Effects of Maternal Employment on Infant Development Essay

1687 Words May 24th, 2002 7 Pages
The topic of this paper is the debate of whether or not maternal employment has any effect on infant development. Research on this described topic has recently become popular due to the rise of working mothers over the past several decades. Their increasing numbers in the workplace and decreasing numbers as stay at home moms are creating a number of different issues to be studied. The effects of maternal employment are determined by a number of factors that include, the mother's job satisfaction and drive, amount of work, and the mother's opinion of quality versus quantity time with children. The main concept at hand here is the importance of an attachment in the first few years as being vital to a child's later development. One side …show more content…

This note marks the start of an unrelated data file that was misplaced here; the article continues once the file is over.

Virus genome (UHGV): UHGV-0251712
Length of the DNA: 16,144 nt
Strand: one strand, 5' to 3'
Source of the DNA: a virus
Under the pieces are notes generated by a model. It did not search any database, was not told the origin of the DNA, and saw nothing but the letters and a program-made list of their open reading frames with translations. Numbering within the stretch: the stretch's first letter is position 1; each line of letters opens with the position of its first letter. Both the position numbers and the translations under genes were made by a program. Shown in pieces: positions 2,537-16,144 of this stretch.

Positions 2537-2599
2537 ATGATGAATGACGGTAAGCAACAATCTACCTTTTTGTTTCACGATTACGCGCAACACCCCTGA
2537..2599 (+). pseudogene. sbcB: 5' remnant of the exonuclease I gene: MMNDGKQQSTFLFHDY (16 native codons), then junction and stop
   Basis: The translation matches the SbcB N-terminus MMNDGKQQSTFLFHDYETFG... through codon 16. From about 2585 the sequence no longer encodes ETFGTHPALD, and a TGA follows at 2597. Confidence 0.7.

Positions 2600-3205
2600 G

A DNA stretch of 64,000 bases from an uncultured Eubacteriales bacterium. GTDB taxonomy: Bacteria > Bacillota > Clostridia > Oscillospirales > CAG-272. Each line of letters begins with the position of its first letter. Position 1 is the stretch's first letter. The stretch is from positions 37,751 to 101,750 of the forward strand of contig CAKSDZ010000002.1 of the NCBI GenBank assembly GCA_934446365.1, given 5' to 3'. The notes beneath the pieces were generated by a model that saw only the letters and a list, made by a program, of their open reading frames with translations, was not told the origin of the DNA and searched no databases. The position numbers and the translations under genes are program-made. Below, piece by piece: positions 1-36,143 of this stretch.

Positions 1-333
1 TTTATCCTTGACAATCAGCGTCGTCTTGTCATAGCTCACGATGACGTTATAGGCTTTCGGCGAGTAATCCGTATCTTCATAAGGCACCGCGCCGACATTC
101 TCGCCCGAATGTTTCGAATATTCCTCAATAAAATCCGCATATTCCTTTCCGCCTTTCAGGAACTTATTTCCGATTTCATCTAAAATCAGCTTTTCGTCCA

The results were similar but they did distinguish that a shy child would be more likely to be affected by non-parental care, having trouble coping with their mothers away from them. Research has also been able to connect aggression toward peers with extensive and early maternal employment. In comparison to this, children whose mothers did not work during their first three years of life markedly more compliant than their peers whose mothers were employed full-time. The opposing side to this debate, written by K. Alison Clarke-Stewart, also brings up a good argument. It is obvious in our changing society that mothers bringing home their families' only income or second income has become more common so that every year the number of their children being placed in different kinds of "nontraditional" child care atmospheres is constantly increasing. In doing her research she is looking for the marked advantages and disadvantages that these various child care environments for the involved children's social and cognitive development. She seems to have only found advantages after coming to the conclusion, and her article's title, that, "a home is not a school". The research used studies involving 150 children that were 2 and 3 years old. These children belonged to one of six different child care situations, these being, care by parents, care by a sitter at home, day care, part-time nursery

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